There’s something incomparably more difficult about sitting down to write something about a topic like friendship (though I’ve done it before), compared to sitting down to write about a topic like quantum computing, exotic matter, the history of language or artificial intelligence.
In those cases, some vague patina of respectable knowledge, if not expertise, can be built up in a few hours of well-routed research. To write authoritatively about friendship, one can only rely on the collected wealth of one’s insight and experience. That’s a considerably broader knowledge base, considerably less well-organised, and without a search function as potent as Google to help you find specific facts within it.
But following the launch of the company that I co-founded, which aims to make finding friends and creating new friendships as easy as finding a bottle of edible glitter or genuine human skulls online, I thought I ought to really interrogate this concept and see what, if anything, I could find to say about it that was worthwhile .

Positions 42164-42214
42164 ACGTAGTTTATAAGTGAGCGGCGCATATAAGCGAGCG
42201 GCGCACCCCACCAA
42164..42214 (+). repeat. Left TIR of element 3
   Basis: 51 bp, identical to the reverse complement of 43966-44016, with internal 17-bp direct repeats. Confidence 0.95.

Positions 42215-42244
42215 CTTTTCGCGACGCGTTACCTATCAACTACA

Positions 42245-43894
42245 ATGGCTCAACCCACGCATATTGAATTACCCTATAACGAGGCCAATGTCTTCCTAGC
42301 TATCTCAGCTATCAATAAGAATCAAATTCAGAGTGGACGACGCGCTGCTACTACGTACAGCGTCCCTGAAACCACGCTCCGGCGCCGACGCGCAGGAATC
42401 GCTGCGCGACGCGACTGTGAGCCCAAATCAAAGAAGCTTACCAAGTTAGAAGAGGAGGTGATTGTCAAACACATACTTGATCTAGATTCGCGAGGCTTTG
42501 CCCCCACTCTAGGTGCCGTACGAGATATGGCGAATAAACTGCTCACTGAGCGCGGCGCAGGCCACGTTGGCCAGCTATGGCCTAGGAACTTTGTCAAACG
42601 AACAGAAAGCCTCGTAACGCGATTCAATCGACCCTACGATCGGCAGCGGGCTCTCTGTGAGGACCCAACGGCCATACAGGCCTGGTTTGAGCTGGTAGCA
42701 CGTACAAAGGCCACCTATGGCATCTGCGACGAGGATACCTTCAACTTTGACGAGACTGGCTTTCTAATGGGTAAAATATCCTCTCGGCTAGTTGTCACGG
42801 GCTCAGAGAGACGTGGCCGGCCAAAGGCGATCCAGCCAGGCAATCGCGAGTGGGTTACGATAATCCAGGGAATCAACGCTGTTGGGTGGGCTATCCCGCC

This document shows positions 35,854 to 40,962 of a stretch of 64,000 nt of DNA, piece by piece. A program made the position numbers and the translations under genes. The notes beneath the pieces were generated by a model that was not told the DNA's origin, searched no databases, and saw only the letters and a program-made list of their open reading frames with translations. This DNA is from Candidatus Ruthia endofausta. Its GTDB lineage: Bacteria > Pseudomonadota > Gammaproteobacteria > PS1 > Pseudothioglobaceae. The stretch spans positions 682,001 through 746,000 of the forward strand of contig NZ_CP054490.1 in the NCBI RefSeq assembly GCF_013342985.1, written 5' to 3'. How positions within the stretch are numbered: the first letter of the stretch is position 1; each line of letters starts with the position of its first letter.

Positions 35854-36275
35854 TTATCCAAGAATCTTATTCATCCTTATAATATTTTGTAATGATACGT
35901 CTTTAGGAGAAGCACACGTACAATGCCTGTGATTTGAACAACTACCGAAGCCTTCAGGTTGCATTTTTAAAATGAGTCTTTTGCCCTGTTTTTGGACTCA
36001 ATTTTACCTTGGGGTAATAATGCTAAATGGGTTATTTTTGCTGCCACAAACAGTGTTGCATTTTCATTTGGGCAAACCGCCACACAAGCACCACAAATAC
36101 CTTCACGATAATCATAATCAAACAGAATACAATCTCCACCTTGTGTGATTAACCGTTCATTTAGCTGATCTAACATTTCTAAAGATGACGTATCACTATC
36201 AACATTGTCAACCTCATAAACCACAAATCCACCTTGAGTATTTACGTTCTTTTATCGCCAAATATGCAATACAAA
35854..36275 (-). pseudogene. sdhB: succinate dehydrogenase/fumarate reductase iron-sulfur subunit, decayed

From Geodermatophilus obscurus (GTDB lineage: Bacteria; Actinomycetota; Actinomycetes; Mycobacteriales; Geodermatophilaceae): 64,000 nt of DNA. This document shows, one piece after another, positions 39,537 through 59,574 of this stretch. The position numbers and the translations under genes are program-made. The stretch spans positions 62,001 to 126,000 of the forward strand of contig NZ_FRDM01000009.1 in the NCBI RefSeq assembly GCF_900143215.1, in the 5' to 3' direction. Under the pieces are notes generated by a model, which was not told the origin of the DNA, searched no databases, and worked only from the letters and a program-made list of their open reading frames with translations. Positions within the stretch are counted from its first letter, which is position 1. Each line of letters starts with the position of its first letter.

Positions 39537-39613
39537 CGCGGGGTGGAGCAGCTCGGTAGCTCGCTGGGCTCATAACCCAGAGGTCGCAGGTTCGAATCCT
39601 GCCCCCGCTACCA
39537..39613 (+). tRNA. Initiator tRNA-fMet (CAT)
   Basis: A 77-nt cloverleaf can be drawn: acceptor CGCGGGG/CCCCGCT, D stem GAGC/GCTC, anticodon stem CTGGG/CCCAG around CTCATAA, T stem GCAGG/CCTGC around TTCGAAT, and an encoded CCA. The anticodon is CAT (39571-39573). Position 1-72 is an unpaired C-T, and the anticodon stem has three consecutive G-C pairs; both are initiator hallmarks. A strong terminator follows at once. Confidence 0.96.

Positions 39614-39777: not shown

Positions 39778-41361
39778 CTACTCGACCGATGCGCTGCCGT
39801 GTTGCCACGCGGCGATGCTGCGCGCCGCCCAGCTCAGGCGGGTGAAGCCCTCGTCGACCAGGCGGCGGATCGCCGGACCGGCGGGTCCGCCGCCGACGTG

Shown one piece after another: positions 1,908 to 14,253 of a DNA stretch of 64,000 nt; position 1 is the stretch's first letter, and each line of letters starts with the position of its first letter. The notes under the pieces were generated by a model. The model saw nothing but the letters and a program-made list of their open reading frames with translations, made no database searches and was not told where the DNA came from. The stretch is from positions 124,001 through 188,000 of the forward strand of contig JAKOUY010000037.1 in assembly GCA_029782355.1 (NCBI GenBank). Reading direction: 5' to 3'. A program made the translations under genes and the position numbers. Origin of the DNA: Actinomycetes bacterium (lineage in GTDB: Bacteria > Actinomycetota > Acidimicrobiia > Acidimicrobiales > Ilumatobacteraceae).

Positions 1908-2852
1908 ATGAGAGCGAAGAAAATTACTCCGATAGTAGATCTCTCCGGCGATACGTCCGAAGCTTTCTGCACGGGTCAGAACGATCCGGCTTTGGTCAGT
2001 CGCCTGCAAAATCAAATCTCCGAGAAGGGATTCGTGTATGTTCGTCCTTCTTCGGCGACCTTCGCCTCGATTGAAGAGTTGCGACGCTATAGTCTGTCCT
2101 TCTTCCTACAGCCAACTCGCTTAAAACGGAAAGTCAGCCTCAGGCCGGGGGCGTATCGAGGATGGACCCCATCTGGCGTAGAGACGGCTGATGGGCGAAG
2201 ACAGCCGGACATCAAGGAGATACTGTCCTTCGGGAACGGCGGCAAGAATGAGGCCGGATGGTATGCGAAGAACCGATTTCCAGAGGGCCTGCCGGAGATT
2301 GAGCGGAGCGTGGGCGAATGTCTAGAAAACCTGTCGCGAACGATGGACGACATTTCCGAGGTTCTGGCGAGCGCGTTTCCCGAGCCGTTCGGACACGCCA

The Best Friendships Are Active
If ‘friend’ were a verb and not a noun, it would be an incredibly ugly one. “I want to friend you better.” Gross. Sounds clumsy and inelegant. Vaguely threatening, even.
Nonetheless, to be a great friend is to interpret friendship as an active calling: that is, a friend is not what you are but what you do. When I think back on moments that have defined my closest friendships, while a few champagne-and-trophy-lifting moments do stand out, I generally find myself remembering moments that involved basically modest but highly deliberate actions that ended up turning into something meaningful. For example:
- Repeatedly making a point to regularly ask a close friend, who is a gifted writer but who is perennially sidetracked by life and who has suffered some severe reversals of fortune, how their work is proceeding. At certain points I drove them to irritation but some time down the line their work picked up, which I was told owed in part to my persistent expressions of support. All because I’d decided, in effect, to be…